# Proof of Kummer's lemma

Context: Let $$\omega = e^{\frac{2\pi i}{p}}$$ for some prime $$p$$. Kummer’s Lemma states that if $$u$$ is a unit in $$\mathbb{Z}[\omega]$$ and $$\overline{u}$$ is its complex conjugate, then $$\frac{u}{\overline{u}}$$ is a power of $$\omega$$.

I'm looking at the following proof. The author argues that there are only finitely many algebraic integers $$\alpha$$ of degree $$\leq n$$ such that $$\alpha$$ and all of the algebraic conjugates have absolute value $$1$$. Then, he makes a claim that if $$\alpha$$ is such an algebraic integer, then so is $$\alpha ^k$$ for any $$k \in \mathbb{N}$$, eventually yielding the desired result.

My question is why? Why is it true that if all the algebraic conjugates of $$\alpha$$ have absolute value $$1$$, then all of the algebraic conjugates of $$\alpha^k$$ also have absolute value $$1$$? The explanation on the linked site makes zero sense to me.

Any help is appreciated. Thanks!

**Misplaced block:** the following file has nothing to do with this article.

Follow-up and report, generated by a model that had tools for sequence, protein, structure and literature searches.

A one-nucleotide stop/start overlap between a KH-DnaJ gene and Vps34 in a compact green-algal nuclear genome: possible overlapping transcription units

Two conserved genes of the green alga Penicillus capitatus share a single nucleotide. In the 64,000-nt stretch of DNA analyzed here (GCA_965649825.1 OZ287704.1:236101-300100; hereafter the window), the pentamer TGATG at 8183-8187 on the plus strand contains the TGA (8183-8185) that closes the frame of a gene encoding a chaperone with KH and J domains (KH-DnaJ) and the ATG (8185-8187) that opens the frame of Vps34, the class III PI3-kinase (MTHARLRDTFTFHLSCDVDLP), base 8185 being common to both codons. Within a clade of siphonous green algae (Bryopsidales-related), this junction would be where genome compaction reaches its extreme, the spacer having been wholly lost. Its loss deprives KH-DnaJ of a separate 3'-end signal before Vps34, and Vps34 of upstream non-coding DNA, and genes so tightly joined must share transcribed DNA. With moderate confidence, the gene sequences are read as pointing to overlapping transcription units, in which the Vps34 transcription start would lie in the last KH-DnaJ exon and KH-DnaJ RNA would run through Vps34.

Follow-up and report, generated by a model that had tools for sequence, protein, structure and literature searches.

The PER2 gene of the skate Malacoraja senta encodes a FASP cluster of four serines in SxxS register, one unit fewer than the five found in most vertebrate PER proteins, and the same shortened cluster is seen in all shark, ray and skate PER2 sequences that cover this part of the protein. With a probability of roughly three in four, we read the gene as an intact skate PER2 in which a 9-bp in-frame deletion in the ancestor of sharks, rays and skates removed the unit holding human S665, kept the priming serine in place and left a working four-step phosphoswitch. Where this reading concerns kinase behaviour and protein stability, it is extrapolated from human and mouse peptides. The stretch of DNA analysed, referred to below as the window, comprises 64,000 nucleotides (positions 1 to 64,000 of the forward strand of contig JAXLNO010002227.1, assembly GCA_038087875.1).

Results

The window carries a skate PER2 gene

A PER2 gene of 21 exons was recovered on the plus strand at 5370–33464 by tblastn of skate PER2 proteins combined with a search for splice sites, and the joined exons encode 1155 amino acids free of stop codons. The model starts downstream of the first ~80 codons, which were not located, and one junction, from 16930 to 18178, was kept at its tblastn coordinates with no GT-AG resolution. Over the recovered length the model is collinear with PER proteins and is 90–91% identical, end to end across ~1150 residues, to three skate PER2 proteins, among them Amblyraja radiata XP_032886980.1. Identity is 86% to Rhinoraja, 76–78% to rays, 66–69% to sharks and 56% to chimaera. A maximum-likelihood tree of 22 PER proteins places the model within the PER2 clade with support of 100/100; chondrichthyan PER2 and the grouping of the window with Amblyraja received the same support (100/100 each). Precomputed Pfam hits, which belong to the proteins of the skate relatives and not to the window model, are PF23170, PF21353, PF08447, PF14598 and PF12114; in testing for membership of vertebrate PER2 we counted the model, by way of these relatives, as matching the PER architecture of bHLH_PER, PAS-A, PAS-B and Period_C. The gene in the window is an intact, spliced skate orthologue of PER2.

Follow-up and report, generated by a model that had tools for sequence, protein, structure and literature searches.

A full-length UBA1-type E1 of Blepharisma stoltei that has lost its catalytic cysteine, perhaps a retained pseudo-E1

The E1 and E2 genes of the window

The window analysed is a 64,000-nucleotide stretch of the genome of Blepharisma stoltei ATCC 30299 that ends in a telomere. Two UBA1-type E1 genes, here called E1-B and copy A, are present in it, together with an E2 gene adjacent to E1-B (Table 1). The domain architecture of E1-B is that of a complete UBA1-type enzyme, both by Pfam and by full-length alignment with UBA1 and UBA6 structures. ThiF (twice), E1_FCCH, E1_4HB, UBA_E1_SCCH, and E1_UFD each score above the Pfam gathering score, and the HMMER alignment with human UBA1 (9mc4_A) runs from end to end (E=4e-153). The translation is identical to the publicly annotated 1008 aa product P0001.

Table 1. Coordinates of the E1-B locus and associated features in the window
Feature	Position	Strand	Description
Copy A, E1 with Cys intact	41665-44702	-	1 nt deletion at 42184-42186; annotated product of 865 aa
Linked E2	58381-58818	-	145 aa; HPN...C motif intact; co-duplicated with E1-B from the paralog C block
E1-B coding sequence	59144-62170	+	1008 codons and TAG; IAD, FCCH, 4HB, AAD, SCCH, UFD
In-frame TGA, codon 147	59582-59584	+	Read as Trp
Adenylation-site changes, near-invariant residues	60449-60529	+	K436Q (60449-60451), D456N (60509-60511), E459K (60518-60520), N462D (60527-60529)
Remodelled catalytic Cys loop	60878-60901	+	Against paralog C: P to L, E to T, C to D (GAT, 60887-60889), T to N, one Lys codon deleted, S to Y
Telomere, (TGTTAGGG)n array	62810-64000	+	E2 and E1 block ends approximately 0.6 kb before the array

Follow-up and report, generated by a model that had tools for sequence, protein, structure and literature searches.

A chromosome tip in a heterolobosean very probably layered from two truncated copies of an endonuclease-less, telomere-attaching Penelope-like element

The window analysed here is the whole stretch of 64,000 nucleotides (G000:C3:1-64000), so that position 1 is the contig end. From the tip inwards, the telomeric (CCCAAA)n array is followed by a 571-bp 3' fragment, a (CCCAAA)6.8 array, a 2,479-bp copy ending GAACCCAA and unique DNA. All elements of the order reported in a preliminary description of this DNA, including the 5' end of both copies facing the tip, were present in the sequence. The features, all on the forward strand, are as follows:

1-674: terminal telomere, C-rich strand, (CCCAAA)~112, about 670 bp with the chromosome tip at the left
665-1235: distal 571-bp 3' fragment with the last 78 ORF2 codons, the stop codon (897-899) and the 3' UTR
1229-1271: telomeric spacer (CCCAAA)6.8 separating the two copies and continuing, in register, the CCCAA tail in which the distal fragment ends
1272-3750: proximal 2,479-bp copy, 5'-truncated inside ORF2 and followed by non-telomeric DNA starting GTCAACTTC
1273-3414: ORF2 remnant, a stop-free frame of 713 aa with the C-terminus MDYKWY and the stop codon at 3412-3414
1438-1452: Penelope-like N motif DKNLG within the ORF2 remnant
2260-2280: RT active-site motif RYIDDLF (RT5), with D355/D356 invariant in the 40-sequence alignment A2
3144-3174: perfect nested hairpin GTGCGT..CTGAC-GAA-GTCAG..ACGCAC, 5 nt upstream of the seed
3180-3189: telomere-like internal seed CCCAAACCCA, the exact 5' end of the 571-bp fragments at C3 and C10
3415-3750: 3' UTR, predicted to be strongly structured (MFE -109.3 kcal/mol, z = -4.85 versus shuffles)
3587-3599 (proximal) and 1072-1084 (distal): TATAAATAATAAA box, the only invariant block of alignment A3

Let the distinct conjugates be $$\alpha = \alpha_1, \ldots, \alpha_n$$, and note the minimal polynomial of $$\alpha$$ is $$f(x) = (x-\alpha_1)(x-\alpha_2) \cdots (x-\alpha_n).$$ We can see this since $$\mathrm{Gal}(\mathbb{C} / \mathbb{Q})$$ permutes the roots, the polynomial is fixed; hence, it's in $$\mathbb{Q}[x]$$. The Galois group also acts transitively on the roots, so the polynomial is irreducible. i.e., it's the minimal polynomial.
Now consider $$g(x) = (x-\alpha_1^k)(x-\alpha_2^k) \cdots (x-\alpha_n^k).$$ As before, the Galois group permutes the roots, so it must be in $$\mathbb{Q}[x]$$, and the minimal polynomial of $$a^k = a_1^k$$ must divide $$g(x)$$. So any conjugate of $$\alpha^k$$ must be a power of the conjugate of $$\alpha$$.